While the joke may have been upsetting or offensive to Pinkett-Smith due to her medical condition, the law is clear that insults or abuse which have no defamatory meaning are not actionable. Insults and abuse may, depending on the facts, give rise to other legal claims or criminal sanctions, such as harassment or one of the various communications offences that apply. However, one can be quite certain that Chris Rock will not have the Police banging at his door.

Jokes ending up in court

Rock may be off the hook, but other jokes have resulted in legal claims for defamation that have been contested in courts. In 2008, Sir Elton John sued The Guardian newspaper for an article which purported to be an extract from his diary. The spoof diary entry referred to Sir Elton's "preposterously lavish" annual fundraising ball, saying "Once we’ve subtracted all these costs, the leftovers go to my foundation. I call this care-o-nomics.”. Sir Elton argued that the article gave the impression that only a small proportion of the money raised went to good causes, and that he used the ball for self-promotion and to meet other celebrities.  

The claim was struck out by the judge, who noted that as the piece appeared in the Weekend section of the paper, rather than in news, it would not be understood by a reasonable reader in the way Sir Elton alleged. A reasonable reader would have expected such an allegation to be made without humour, and that it would be covered in the news section of the paper. This judgment is a reminder that the context of a joke, or any potentially defamatory statement for that matter, can be important.

Conversely, Nicole Cornes, a former federal Labor candidate in Australia, won a 2011 defamation case against Network Ten and the comedian Mick Molloy for comments made by Molloy on the television comedy panel show "Before the Game". The comedian's comments insinuated that Cornes had slept with a former AFL player, and Cornes claimed that this had damaged her reputation, humiliated her and defamed her. The South Australian Supreme Court agreed and awarded damages of $85,000 plus costs and interest. The fact that the comments were made during an interview hosted by a panel of comedians did not prevent the claim succeeding. As ever, the facts (and in particular the words and their context) are key.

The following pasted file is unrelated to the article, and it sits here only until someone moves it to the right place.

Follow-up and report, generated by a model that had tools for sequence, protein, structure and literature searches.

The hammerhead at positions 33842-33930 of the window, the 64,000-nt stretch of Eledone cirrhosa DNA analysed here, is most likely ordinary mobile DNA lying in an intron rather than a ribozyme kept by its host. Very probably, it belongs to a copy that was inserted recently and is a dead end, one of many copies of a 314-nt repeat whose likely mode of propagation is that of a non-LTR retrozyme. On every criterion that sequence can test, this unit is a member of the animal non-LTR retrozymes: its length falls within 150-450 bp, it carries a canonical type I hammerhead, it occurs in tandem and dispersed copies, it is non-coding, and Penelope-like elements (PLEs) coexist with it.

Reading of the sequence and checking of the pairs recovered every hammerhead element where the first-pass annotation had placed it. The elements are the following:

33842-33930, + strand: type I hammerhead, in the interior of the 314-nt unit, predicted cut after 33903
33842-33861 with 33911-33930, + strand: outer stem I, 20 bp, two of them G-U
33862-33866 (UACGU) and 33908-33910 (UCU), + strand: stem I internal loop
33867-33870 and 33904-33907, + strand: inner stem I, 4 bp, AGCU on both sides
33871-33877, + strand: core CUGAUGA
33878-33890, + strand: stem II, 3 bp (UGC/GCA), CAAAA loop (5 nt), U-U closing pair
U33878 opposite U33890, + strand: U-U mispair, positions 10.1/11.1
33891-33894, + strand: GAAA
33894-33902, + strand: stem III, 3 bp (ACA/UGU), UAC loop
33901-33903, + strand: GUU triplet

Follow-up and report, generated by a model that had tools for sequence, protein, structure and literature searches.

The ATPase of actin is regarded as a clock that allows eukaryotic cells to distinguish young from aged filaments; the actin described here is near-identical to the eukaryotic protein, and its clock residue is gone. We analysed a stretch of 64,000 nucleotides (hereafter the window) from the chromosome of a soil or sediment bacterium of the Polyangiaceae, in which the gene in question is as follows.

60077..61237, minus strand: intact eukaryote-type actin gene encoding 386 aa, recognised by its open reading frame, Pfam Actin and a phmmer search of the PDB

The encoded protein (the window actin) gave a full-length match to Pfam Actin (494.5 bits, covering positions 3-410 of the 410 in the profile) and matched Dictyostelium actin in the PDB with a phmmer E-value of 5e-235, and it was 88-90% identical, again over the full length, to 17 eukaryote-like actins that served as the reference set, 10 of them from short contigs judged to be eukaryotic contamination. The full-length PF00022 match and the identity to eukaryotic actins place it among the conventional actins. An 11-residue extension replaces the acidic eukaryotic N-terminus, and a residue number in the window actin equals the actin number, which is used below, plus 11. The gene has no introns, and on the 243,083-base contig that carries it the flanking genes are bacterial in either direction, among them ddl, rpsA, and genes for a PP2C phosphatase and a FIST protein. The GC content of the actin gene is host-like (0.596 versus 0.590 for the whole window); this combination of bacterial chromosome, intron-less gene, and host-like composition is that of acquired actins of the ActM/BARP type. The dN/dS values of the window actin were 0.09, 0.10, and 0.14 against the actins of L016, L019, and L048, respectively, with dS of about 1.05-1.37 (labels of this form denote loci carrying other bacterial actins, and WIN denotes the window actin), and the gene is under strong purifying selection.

Deciding where to bring a defamation claim

In a modern society where a joke made in an LA theatre can be broadcasted in real time and instantly become headline news across the world, choosing the jurisdiction in which to bring a defamation claim is not always straight forward. To pursue a claim in England and Wales where a defendant is based outside the UK, Section 9 of the Defamation Act 2013 requires the claimant to satisfy the Court on the balance of probabilities that “of all the places in which the statement complained of has been published, England and Wales is clearly the most appropriate place in which to bring an action in respect of the statement”. In most cases the decisive factors in determining the appropriate place will be the claimant's connections with England, extent of publication here and the damage to reputation in England (as opposed to other jurisdictions). It is worth noting that publication of online content occurs where the reader is located.

Another point to bear in mind is that the likelihood of successfully claiming defamation can vary considerably between jurisdictions. Taking a country like the USA as an example, where free speech is enshrined in the constitution under the first amendment, the hurdles for bringing a claim can be substantial.

Regardless of where you are based, if you think someone has joked about you in a defamatory way, taking professional advice is always more helpful than slapping the potential defendant in the face, which could land you in court for a very different reason.

If you require further information about anything covered in this briefing, please contact Kay Lubwika Bartlett or your usual contact at the firm on +44 (0)20 3375 7000.

This publication is a general summary of the law. It should not replace legal advice tailored to your specific circumstances.

© Farrer & Co LLP, April 2022